Thousands of anti-war protesters took to the streets in Portland and around the world this weekend, marking the third anniversary of the U.S.-led invasion of Iraq with demands that coalition troops leave immediately.
A crowd estimated to be in excess of 10,000 gathered in Tom McCall Waterfront Park Sunday to listen to a slate of speakers and then march along a winding route through downtown Portland. The crowd, a wide cross-section of ages, races and faiths, carried homemade signs, beat on drums and chanted to signify their opposition to the war.
The Rev. LeRoy Haynes of Allen Temple CME Church was among the speakers at the rally. Haynes drew connections between the alleged purpose of the Iraq War -- establishing a democratic government in Iraq -- and the erosion of civil liberties and voting rights that has taken place in the United States under the Bush administration.
"We will not give up our democracy to Bush and Cheney," Haynes said in his speech. "We say no to an administration who asks our sons and daughters to fight for democracy in a foreign nation while they steal it from us at home."
Haynes praised the energy and commitment of the marches, whose actions he said would create a ripple of change similar to that caused by Robert F. Kennedy's 1966 anti-apartheid speech in South Africa.
Joining the Rev. Haynes on the podium were Iraqi journalist Eman Ahmed Khamas; Ramon Ramirez, head of PCUN, the Norhwest Latino farm workers' union; and Steve DeFord, whose son, Oregon National Guard Spc. David W. Johnson, was killed by a bomb in Baghdad in 2004.
Only one arrest was made in what was otherwise a peaceful march. The Portland Police Bureau turned out in force, but there were no violent clashes between police and protestors. At one point, police on bicycles surrounded a group of masked and black-clad youth in the middle of West Burnside Street. The youth, members of the "Black Block" protest collective, claimed that the police were unfairly singling them out based upon their garb. The confrontation dissipated without incident, though, as police directed the other marchers around the knot of masked youth.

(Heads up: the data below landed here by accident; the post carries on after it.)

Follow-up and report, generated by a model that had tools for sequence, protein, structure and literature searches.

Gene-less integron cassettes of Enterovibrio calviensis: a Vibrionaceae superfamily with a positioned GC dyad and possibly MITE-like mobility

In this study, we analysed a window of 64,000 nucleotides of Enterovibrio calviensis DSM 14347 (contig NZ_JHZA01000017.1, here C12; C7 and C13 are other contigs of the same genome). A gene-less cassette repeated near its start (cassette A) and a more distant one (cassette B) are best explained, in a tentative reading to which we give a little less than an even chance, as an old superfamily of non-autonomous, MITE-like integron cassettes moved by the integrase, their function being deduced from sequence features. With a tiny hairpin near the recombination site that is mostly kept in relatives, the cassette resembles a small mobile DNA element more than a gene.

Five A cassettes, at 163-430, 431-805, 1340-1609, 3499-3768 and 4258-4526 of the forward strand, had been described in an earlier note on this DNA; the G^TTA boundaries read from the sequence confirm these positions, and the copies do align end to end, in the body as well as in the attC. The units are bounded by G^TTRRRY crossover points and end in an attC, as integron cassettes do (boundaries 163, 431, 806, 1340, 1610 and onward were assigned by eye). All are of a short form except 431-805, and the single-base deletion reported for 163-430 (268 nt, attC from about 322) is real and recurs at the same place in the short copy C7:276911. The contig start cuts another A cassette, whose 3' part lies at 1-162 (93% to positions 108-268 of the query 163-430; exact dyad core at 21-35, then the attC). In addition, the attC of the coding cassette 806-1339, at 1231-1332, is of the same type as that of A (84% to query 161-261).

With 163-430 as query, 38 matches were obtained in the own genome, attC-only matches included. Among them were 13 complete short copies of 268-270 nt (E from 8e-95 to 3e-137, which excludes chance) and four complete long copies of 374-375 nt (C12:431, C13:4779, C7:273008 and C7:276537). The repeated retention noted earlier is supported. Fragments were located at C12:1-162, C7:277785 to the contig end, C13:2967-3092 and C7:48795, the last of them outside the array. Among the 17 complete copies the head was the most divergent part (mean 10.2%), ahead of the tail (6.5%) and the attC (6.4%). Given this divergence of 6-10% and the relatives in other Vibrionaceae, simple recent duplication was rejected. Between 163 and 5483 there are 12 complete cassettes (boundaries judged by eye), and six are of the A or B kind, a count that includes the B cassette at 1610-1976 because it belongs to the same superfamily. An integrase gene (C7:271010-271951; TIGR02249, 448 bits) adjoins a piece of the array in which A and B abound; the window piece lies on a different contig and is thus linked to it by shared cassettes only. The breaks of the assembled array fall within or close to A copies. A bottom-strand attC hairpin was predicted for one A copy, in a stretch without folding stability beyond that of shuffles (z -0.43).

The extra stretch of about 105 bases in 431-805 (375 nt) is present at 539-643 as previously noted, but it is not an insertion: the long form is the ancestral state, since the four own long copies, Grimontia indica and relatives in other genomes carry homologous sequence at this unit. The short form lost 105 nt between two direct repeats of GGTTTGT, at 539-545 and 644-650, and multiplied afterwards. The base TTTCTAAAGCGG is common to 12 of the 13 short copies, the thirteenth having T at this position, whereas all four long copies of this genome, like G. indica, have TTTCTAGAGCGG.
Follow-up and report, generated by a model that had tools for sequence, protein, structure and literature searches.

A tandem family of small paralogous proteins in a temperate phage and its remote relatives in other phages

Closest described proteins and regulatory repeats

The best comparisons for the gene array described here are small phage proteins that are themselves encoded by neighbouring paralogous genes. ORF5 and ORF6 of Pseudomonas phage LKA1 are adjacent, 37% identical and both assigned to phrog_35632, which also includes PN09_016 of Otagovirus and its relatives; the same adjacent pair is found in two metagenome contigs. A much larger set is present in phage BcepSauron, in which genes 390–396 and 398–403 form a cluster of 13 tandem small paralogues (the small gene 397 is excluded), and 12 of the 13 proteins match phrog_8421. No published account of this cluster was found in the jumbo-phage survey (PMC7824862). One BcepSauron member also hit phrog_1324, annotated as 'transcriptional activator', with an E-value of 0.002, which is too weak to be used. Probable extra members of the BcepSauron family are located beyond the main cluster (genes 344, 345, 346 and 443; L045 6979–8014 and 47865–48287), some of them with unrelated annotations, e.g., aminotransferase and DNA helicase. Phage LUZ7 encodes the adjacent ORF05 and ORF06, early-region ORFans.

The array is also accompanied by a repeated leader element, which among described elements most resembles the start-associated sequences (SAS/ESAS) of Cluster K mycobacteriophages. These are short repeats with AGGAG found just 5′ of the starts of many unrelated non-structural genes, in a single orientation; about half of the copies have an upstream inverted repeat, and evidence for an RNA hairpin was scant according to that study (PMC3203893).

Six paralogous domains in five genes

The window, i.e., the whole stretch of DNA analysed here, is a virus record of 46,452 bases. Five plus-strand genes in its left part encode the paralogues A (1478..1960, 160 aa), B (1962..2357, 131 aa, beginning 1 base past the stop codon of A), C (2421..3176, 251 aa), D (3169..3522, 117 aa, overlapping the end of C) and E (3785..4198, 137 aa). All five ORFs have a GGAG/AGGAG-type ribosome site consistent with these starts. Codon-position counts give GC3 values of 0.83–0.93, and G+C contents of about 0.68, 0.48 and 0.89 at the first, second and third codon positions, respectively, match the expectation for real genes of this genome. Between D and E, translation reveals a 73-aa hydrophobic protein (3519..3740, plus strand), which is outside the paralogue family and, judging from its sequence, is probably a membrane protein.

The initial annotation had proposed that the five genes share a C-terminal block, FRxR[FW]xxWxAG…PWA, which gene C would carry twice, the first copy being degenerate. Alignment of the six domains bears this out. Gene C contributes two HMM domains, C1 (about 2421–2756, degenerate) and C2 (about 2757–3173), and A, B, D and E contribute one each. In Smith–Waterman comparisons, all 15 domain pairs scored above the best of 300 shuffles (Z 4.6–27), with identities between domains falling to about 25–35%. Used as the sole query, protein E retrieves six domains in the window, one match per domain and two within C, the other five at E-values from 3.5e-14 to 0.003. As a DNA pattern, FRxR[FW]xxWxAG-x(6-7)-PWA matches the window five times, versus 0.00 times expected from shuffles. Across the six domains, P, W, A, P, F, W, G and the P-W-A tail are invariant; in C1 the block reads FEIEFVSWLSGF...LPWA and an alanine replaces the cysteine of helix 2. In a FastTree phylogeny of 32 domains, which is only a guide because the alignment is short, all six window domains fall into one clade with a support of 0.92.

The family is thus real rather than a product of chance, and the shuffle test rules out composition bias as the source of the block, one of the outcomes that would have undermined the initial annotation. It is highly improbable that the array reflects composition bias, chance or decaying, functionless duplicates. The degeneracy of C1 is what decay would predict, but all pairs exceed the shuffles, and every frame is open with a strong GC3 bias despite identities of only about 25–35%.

The scene in Portland was echoed across the globe over the weekend.
In New York City on Saturday, Wael Musfar of the Arab Muslim American Federation addressed more than 1,000 people who gathered in Times Square near a military recruiting station, which was guarded by police
"We say enough hypocrisy, enough lies, our soldiers must come home now," Musfar said from a parked flatbed truck. Participants chanted, "Stop the U.S. war machine, from Iraq to Korea to the Philippines."
Many attendees emphasized that they support the troops. "I have friends in Iraq and I just want them to know that I may not be able to support them there, but I can here," said Jose Avila, 36.
At a demonstration in Chicago, 33-year-old Ryan Stiles defended President Bush's policies in Iraq.
"I support freeing Iraqis from tyranny," he said. "I came here to show there are Americans who support what Bush is doing in Iraq."
Protests also were held in Australia, Asia and Europe. In London, police said 15,000 people joined a march from Parliament and Big Ben to a rally in Trafalgar Square.
"We are against this war, both for religious reasons and on a humanitarian basis, too," said Imran Saghir, 25, a Muslim student who attended the London rally.